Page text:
The recent Ontario decision in Crozier v. A&P Canada Inc., clarifies the law regarding the “implied warranty of fitness” under Canadian provincial Sale of Goods legislation.

The plaintiff contracted near-fatal “adult colonization botulism” (ACB), an extremely rare condition, as a result of consuming peanut butter, which was sold by the defendant, A&P Canada Inc., and manufactured by the third party defendant, Kraft Canada Inc. It was accepted by the parties that the peanut butter was not actually contaminated with botulism, but rather contained inactive botulism spores. Such spores exist commonly throughout nature, and often appear in food. Under ordinary circumstances, the spores are digested without incident.

The plaintiff suffered from certain serious digestive conditions, which the Court accepted put her at risk of contracting ACB. Prior to her case, those conditions were not believed to be risk factors for contracting ACB. The Court also accepted that, as of the date of the purchase of the peanut butter, many knowledgeable authorities, including the Canadian government, did not even recognize ACB to be a form of botulism. According to the trial judge, the evidence suggested that prior to this particular incident, there had been only 10 reported cases of ACB worldwide, and the plaintiff’s expert conceded that this case was the first known association of ACB with the consumption of food.

The plaintiff framed her action as a breach of warranty case under the Ontario Sale of Goods Act, alleging that the sale of peanut butter containing botulism spores was a breach of the statutory warranty that goods sold in Ontario “will be reasonably fit.” The defendant moved for summary judgment, arguing that a statutory warranty of fitness is not breached where the alleged defect in the goods arises from an idiosyncrasy particular to an individual buyer, and of which the seller is not informed prior to the sale transaction.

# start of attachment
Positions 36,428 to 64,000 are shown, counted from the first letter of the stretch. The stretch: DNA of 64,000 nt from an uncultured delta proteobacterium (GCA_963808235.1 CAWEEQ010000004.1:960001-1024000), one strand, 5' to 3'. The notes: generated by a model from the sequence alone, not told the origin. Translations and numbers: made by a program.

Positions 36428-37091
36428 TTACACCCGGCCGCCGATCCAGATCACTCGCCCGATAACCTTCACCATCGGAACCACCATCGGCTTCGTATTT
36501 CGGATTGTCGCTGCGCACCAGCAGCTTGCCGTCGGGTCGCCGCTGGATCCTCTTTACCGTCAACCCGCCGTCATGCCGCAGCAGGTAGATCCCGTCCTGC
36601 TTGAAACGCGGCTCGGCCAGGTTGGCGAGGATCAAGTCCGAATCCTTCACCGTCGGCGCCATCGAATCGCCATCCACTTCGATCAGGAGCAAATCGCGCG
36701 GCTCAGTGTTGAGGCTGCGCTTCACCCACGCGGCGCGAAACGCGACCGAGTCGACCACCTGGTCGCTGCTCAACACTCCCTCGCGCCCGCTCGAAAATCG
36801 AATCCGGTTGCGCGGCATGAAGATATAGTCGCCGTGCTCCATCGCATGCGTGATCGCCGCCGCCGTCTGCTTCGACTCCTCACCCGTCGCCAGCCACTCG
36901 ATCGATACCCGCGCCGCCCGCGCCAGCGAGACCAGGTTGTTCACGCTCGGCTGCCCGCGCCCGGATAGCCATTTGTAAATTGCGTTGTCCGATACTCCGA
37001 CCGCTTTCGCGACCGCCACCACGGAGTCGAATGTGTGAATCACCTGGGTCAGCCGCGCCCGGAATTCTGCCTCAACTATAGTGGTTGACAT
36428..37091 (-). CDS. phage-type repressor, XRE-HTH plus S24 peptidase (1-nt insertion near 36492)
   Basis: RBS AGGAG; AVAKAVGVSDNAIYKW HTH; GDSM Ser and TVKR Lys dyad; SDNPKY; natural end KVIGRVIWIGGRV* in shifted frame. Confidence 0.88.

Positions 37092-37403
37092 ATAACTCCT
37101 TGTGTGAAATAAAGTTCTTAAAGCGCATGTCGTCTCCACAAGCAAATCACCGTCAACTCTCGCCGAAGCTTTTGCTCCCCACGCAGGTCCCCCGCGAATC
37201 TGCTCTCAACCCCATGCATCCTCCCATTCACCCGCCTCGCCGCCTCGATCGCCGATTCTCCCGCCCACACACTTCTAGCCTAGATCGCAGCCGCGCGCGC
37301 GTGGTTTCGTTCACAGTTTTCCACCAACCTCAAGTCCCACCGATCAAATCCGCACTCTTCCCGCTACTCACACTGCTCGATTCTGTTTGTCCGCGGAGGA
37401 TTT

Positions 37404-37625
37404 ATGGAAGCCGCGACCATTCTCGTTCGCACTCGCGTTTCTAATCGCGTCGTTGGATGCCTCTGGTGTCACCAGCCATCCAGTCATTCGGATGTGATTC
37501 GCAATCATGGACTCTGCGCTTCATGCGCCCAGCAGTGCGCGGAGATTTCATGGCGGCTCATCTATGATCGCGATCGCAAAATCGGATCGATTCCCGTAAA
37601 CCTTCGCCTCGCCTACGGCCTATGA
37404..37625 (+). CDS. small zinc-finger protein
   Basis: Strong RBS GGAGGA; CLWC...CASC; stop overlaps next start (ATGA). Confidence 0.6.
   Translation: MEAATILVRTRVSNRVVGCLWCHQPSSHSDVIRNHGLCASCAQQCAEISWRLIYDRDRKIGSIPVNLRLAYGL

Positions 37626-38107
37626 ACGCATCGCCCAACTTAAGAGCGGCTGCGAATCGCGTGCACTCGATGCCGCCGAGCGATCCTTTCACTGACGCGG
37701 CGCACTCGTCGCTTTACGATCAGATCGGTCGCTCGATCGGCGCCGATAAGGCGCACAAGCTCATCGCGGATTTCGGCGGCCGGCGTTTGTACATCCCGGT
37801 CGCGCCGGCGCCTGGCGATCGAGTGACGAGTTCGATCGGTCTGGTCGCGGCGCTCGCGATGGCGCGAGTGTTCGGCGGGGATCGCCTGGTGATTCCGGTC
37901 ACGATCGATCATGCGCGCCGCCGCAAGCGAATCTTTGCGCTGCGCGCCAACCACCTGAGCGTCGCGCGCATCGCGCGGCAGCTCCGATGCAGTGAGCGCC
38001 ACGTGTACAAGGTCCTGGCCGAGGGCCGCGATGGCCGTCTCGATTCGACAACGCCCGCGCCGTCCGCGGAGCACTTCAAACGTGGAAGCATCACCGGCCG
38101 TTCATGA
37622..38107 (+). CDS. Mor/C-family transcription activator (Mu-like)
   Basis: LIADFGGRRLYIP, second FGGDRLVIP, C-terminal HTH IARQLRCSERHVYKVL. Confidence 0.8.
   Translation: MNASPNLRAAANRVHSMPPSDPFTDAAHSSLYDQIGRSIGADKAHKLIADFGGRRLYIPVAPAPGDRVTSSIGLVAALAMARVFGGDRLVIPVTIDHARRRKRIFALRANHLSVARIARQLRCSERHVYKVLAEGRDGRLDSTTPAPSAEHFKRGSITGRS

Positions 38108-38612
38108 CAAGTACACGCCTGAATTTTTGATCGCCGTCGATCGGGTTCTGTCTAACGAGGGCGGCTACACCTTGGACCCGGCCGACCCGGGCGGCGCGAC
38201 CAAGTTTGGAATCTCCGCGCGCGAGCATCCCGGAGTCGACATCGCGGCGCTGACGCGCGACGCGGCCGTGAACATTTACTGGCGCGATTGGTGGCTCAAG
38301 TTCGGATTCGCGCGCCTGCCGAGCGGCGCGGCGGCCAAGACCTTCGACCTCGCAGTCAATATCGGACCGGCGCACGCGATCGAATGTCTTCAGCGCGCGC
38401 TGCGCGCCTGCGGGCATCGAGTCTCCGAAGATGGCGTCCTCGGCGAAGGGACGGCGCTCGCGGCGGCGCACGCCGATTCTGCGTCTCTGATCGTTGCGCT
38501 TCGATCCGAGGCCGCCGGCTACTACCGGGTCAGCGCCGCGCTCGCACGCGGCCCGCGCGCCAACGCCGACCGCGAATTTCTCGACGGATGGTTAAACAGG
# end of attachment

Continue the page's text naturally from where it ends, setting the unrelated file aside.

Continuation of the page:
In granting summary judgment, the Court recognized that the “personal idiosyncrasy” doctrine had been adopted by Canadian academics and in some trial level decisions, although there is no appellate authority on the issue. In adopting the “personal idiosyncrasy” doctrine, the Court explicitly rejected the plaintiff’s submission that Canadian Sale of Goods legislation imposes strict liability for injury resulting from use of a product. Instead, the Court found that where an injury resulting from ordinary use of a product would not have occurred but for an idiosyncrasy or abnormality particular to the plaintiff, and of which the defendant was not informed, there was no genuine issue for trial as the plaintiff had no chance of success.